The graffiti in this picture apparently refers to the latest show at AMOA (Austin Museum of Art) but I took it on the sidewalk at one of the 86 official locations in this year's East Austin Studio Tour in Austin. It was a lovely day and we started our eastwardly adventures by eating at the Eastside Cafe. Then we took in a few of the more northernly studios (including Karen Maness) and then a few of the more furthest south (including Art Amici where Jennifer Balkan was showing).

It was a glorious day starting cool and sunny and warming up to the point where the sunny spots felt warm and the shade felt cool.

This afternoon I saw the premiere of young Jake Sawyer's short film Downloader. A pretty ambitious undertaking from a teenager, this film showed a very adult sensibility and communicated obsessive compulsive behavior, office politics, office romance, paranoia and our Internet/drug/technology culture in a way you wouldn't really think a young kid would understand. Plus it had cops and stunts and lots more. John Merriman starred and was fabulous and funny and convincing from the beginning to the end. Young Jake directed a lot of adults in this short and did it well.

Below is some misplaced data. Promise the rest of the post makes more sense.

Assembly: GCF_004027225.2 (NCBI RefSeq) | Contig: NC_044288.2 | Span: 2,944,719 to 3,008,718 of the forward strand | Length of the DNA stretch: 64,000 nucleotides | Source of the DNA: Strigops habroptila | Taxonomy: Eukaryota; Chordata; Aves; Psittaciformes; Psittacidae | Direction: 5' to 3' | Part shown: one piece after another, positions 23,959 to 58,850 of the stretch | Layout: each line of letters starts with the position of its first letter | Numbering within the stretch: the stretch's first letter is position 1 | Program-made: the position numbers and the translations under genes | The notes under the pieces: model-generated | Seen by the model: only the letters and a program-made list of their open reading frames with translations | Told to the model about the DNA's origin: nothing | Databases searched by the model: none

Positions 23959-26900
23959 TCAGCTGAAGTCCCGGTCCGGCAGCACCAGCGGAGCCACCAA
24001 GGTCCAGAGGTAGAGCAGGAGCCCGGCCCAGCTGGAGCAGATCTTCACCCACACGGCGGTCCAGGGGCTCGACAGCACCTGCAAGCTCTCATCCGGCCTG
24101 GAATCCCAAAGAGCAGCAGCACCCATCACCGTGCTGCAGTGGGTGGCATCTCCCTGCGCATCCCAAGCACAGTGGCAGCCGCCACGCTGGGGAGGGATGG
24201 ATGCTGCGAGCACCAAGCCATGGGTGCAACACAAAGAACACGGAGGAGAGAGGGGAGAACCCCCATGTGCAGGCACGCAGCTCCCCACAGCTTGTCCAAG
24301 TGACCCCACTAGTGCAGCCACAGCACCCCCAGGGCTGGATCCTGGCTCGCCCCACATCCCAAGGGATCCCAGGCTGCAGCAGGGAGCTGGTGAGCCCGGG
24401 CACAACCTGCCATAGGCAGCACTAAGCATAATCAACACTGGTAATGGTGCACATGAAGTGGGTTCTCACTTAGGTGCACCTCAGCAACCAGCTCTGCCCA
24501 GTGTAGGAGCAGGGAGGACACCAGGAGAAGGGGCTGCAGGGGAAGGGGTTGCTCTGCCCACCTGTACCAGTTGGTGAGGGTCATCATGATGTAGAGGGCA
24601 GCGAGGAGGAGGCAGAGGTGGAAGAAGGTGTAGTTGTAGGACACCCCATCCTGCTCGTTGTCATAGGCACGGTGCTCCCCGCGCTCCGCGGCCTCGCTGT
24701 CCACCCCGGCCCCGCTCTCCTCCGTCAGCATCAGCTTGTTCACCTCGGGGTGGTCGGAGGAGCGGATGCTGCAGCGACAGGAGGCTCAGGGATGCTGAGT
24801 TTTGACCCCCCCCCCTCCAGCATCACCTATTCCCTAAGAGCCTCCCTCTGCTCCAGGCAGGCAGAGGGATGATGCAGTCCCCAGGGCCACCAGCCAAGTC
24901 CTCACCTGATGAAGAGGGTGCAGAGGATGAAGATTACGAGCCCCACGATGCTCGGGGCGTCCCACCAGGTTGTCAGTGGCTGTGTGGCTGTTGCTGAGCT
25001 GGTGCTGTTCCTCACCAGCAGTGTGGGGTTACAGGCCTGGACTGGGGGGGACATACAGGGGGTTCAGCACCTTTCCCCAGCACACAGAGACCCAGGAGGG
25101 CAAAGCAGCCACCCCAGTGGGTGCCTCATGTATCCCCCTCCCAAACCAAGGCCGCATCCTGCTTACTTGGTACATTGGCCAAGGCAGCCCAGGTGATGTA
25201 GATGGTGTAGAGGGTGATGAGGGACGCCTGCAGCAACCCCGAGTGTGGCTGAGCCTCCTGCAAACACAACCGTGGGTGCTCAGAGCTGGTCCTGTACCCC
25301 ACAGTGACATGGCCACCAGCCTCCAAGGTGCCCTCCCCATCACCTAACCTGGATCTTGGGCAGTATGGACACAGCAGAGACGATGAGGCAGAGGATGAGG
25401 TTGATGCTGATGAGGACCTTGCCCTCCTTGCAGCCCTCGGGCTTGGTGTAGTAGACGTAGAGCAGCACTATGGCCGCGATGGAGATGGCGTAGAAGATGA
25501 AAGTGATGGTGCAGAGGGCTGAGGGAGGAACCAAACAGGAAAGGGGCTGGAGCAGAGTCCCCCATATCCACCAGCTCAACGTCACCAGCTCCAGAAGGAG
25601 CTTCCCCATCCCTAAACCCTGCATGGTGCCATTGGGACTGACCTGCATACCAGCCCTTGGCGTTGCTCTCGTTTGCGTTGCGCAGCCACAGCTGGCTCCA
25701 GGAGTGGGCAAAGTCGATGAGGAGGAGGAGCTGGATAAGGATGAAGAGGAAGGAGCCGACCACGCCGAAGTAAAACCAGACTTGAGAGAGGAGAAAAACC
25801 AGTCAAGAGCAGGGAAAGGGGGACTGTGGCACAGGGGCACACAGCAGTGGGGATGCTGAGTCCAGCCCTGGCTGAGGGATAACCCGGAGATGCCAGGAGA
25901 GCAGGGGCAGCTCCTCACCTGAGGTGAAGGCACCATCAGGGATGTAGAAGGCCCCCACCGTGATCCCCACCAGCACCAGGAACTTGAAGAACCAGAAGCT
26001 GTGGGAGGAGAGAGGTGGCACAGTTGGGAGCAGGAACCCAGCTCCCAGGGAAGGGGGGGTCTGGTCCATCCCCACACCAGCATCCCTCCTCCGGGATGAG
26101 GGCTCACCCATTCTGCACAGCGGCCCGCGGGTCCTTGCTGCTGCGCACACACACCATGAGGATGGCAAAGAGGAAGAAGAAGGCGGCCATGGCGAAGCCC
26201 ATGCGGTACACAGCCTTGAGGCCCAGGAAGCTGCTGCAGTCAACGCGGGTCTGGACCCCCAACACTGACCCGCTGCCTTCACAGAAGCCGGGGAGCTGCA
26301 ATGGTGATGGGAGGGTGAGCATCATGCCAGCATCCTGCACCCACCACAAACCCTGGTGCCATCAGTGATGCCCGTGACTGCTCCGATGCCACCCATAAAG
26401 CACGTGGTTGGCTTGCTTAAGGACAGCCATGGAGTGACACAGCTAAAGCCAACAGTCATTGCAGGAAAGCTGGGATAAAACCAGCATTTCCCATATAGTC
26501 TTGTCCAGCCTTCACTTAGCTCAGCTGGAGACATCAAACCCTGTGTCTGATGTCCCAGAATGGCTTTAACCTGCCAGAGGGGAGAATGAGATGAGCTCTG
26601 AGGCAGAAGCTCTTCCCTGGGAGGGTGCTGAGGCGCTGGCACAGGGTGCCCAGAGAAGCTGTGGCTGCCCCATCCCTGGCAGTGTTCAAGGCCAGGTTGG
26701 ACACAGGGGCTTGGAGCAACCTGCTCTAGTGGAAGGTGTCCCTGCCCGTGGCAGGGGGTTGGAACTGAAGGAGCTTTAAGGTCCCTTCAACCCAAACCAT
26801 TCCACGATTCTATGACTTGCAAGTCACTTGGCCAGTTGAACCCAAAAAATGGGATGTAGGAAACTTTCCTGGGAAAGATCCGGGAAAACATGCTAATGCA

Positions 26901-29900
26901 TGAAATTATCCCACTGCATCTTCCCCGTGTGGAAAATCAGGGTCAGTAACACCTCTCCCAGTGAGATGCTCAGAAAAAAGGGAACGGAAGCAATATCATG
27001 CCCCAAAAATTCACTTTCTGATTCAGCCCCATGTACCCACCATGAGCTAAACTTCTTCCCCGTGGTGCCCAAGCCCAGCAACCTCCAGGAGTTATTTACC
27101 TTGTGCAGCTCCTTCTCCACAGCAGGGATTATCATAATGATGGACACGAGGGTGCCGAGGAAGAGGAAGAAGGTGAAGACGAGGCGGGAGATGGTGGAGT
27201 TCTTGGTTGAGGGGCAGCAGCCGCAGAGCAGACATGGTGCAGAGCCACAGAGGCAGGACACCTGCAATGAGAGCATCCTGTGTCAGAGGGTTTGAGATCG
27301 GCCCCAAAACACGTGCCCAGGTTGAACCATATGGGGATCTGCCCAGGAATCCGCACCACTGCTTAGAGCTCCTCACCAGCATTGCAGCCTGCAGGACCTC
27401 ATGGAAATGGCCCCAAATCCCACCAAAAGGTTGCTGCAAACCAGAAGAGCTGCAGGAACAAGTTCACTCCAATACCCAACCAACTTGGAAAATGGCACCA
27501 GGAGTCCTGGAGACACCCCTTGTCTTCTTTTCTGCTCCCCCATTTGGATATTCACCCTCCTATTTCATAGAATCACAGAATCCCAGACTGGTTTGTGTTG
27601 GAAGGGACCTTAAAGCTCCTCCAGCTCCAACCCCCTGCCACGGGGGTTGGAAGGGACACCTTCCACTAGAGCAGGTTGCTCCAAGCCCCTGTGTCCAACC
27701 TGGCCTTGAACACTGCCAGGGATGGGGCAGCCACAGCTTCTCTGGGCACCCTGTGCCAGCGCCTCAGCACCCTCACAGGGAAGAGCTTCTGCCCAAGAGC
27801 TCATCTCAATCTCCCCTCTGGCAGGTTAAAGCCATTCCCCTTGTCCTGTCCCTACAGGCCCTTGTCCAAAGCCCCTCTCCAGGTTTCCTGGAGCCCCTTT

It's an artsy town, Austin. Radical NY indeed.

Friday, November 10, 2006

Where Does My Time Go?

Well, I drink a lot of coffee. It's time-consuming: the making, sipping, savoring and, if you make it at home, the cleaning. Yesterday we received our new Jura-Capresso E8 via UPS. I would tell you that it is a time-saver since it delivers each cup of coffee at the push of a button. (You have to add water, beans and do the occasional clean-out job, though.) But I'm not sure that's true. We shipped our mal-functioning, recalled (for potential electrical fire) and over six-year-old CA1000 back to the manufacturer (see this ancient journal entry for more on that device) and received this new one for a heavily discounted price. We are pleased. We spent a half hour setting it up before we watched Office last night.

That's the kind of thing I spend my time on. I am so lucky that I'm not dodging bullets and bombs in Iraq, Nepal, Sri Lanka, Pakistan or one of the many other spots on the earth where that is the norm. So that I can spend time drinking coffee. I'm so lucky I have power to power the Capresso, not to mention being able to own the machine itself.